RTTFirst of all, we should consider what's the round-trip time.
RTT is the time it takes for a client request to reach the server and get an answer from the server itself. It doesn't include the data transfer time.
The RTT is usually measured in milliseconds.
In order to produce an efficient web page, we should try to reduce RTT and thus reduce the number of HTTP requests and responses.
Already confused? Don't worry, just keep in mind that we have to reduce RTT.
This can lead to a high number of external files. And that's not good for RTT. Infact, loading a lot of files, produces a lot of HTTP requests and responses. This is definitely not a matter of kilobytes: what matters here is the number of times the client is making a request to the server, waiting for the proper reply.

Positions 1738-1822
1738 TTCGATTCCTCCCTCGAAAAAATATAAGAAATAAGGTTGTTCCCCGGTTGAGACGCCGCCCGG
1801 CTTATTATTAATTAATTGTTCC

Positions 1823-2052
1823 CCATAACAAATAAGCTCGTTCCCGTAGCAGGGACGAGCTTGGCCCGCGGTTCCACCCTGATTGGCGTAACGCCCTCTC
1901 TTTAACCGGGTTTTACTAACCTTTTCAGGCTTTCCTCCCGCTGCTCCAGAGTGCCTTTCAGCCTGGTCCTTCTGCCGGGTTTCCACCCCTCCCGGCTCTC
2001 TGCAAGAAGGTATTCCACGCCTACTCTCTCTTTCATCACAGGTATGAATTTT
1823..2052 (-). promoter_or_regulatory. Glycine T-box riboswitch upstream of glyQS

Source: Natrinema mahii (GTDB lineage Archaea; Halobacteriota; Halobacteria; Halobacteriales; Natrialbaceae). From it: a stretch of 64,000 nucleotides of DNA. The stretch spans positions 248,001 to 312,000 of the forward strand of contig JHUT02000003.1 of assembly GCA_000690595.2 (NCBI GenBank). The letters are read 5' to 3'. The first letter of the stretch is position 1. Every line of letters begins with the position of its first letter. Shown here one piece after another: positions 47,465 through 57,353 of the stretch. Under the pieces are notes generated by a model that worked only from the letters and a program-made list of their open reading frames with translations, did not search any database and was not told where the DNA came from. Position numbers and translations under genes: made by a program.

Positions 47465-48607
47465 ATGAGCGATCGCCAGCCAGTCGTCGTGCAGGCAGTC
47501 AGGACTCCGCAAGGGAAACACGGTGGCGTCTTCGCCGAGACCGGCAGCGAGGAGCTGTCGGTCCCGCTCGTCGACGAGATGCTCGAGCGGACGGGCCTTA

We then should consider the fact that many web gurus are saying the @import rules are to be avoided as well. A nested CSS stylesheets situation is decisively not good in term of RTT.
I've seen charts which explain how the RTT is reduced by one third, using the above method. And that's not bad at all.
If you have specific scripts in the head of the document, remember to put them after the links to external files.
To summarise: put external scripts after external stylesheets; put inline script after all the other resources.
I hope you liked the article. If you want, please share your experience.